On NieR: Automata — Finding Meaning In A Meaningless Existence

2018 was, without a doubt, one of the worst years of my entire life.

Between financial struggles, non-stop family infighting, a heavy case of depression, and seeing some of my best friends suffer through their own serious issues, I was dangerously close to my breaking point.

I started to collapse internally. I was no longer the happy person I was before; I was changing. I grew to become silent when I would normally come up with some witty quip. My classes, which I normally enjoyed learning in, became a complete and total chore. Control of my temper deteriorated — the tiniest things were making me deeply upset.

Suffice to say, I wasn’t myself anymore. And I recognized this, and it bothered me deeply. I started to wonder what the point of anything was. I was working my hardest, but ultimately, why? All I was doing was earning money to help sustain this cursed living situation, not fix it. Sure, I could have left. But my family needed me, both financially and emotionally speaking. I couldn’t leave them during this time, even though I really, really wanted to at many points. This emotionally-draining existence was breaking me apart. Some days, I felt numb to everything. On others, I could barely look anyone in the eye without crying. Most nights were difficult; I either got very little sleep, or none at all.

I say this not to evoke sympathy, but to simply set the stage so that you can understand how I was feeling and how much despair I was experiencing when I came across NieR: Automata.  During this awful year, video games were one of my only escapes from the struggle. Around the beginning of December 2018, I booted up Automata for the first time. Two weeks later, I turned it off with a fresh outlook on life and a healed soul. This game truly changed me and helped me see the light at a time where I could barely see anything other then darkness.

In this article, I aim to analyze the major themes of NieR: Automata and explain what makes it a masterpiece in my eyes, as well as why it’s my favorite game of all time (it had some serious competition to overthrow in Halo 2, Mass Effect 2, and Knights of the Old Republic II). It goes without saying, but there will be heavy spoilers for the game in this piece. Before I can focus on Automata, though, it’s necessary that I preface with a look at the directing mind behind it…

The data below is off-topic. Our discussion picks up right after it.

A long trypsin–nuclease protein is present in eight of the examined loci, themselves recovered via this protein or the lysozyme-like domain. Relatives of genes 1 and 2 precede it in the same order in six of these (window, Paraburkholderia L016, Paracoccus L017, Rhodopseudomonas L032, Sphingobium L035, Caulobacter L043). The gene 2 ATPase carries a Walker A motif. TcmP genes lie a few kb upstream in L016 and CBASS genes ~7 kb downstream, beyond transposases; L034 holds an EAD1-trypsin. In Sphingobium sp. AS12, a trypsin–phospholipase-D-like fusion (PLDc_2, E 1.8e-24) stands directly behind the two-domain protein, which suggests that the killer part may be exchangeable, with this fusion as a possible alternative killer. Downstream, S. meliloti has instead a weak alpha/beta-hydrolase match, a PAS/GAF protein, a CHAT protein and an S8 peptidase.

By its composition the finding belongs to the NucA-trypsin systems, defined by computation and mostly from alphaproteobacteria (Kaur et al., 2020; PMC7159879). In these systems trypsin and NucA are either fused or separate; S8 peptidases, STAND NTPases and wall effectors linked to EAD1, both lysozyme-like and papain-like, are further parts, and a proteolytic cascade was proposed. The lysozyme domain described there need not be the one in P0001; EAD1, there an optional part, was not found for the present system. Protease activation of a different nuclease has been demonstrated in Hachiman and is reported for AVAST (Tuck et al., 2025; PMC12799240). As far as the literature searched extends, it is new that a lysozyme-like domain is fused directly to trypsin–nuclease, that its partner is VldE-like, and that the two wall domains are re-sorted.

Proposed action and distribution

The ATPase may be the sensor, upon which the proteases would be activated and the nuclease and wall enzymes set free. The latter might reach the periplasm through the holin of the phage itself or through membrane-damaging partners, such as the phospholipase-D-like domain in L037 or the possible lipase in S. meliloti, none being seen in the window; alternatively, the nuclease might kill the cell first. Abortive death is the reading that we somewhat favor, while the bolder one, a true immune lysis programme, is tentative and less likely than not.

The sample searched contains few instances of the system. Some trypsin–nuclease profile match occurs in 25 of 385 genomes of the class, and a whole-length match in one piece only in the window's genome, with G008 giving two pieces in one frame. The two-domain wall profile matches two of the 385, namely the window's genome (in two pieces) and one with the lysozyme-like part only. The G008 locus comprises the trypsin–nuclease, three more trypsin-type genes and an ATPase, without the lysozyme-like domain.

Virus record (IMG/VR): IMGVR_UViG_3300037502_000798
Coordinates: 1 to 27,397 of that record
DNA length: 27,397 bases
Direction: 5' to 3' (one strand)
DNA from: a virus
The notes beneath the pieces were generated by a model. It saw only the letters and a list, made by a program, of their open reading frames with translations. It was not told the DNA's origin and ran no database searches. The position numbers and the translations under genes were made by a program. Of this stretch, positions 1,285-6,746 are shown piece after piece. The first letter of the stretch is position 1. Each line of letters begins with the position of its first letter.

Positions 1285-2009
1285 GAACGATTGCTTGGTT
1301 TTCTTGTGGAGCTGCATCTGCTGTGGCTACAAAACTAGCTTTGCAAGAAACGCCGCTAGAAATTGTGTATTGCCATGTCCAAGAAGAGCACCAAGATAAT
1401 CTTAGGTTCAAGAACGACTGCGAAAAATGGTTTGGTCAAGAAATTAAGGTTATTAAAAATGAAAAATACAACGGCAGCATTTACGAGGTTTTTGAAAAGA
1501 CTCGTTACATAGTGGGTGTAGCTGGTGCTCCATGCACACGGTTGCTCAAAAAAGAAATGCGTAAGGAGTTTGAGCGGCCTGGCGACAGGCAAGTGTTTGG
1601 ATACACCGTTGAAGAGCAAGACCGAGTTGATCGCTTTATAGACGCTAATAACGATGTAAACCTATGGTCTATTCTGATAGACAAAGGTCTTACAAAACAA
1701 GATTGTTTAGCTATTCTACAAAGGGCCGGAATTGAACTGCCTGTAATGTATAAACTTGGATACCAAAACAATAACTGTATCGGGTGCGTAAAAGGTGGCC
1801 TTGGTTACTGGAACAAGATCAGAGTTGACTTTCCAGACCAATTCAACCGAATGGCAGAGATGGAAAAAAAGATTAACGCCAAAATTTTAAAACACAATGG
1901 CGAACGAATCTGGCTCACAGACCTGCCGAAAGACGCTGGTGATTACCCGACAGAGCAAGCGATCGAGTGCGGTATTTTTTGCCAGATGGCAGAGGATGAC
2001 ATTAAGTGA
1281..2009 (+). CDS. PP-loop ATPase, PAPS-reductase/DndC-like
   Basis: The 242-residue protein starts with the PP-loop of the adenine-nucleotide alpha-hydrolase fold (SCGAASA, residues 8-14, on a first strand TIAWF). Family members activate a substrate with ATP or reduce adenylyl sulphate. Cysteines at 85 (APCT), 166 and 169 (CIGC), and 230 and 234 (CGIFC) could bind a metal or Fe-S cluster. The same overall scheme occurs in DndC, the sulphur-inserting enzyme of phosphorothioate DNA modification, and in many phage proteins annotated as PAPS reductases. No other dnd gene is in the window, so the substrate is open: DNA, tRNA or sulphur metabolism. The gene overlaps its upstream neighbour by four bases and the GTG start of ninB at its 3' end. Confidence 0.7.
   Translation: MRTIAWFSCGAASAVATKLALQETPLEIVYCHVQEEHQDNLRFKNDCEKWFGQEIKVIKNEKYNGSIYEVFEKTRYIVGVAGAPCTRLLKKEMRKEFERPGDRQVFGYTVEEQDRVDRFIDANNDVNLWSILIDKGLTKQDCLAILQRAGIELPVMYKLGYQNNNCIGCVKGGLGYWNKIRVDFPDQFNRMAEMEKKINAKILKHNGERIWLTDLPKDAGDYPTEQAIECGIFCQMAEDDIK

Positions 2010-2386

Unique Ang[L]es


Meet Yoko Taro.

Yoko Taro is the director behind NieR: Automata and its predecessor NieR, as well as a co-creator of the infamous Drakengard. And my God, he is quite a character.

You’ll never find another person quite like Taro — whose non-game activities include giving a design talk via sock puppet — in the gaming industry. Brutally honest, incredibly humble, and self-depreciating to the point of hilarity, Yoko Taro is truly one of a kind. The things I want to bring up today, though, relate to his game design philosophy.

In this fantastic talk from the 2014 Game Developers Conference (GDC), Taro goes into detail about his core writing style, which he dubs “Backwards Scriptwriting.” When Taro writes a game, he starts thinking about the emotions that he wants the player to feel first, and makes those emotions his ultimate goal to reach. From there, he works backwards, coming up with the reasons to feel those emotions and things that evoke thought from the player next, followed by the characters, and then finally he wraps it all together with placement of a setting, lore, and the like.

The reason why this is important to bring up is because it contradicts most other writing styles in both the gaming industry and all of entertainment as a whole. Where most creators focus on building a setting first and then putting a story inside of it, Taro does this process in reverse. The result is an experience that, while light on lore and other setting-oriented details, delivers an immensely emotional story. Though his games have always struggled due to their gameplay issues, one constant throughout the years is that all of his titles have been unanimously praised for their storytelling and themes. This structuring is a core element of NieR: Automata, and a massive reason why it’s so moving.

There’s one thing that separates NieR: Automata from Taro’s other works: excellent gameplay. With the help of renowned developer PlatinumGames, Yoko Taro was able to combine his masterful writing style with an immensely satisfying gameplay experience.

I feel compelled to emphasize that the game, with its absolutely beautiful score and excellent graphics that both work alongside the gameplay, is truly great fun. I’m doing it this early in this piece, though, because I’m going to spend the rest of it analyzing and fawning over the writing. Speaking of which, I’m going to start doing that…now.

Bec[O]me As Gods


The year is 11945.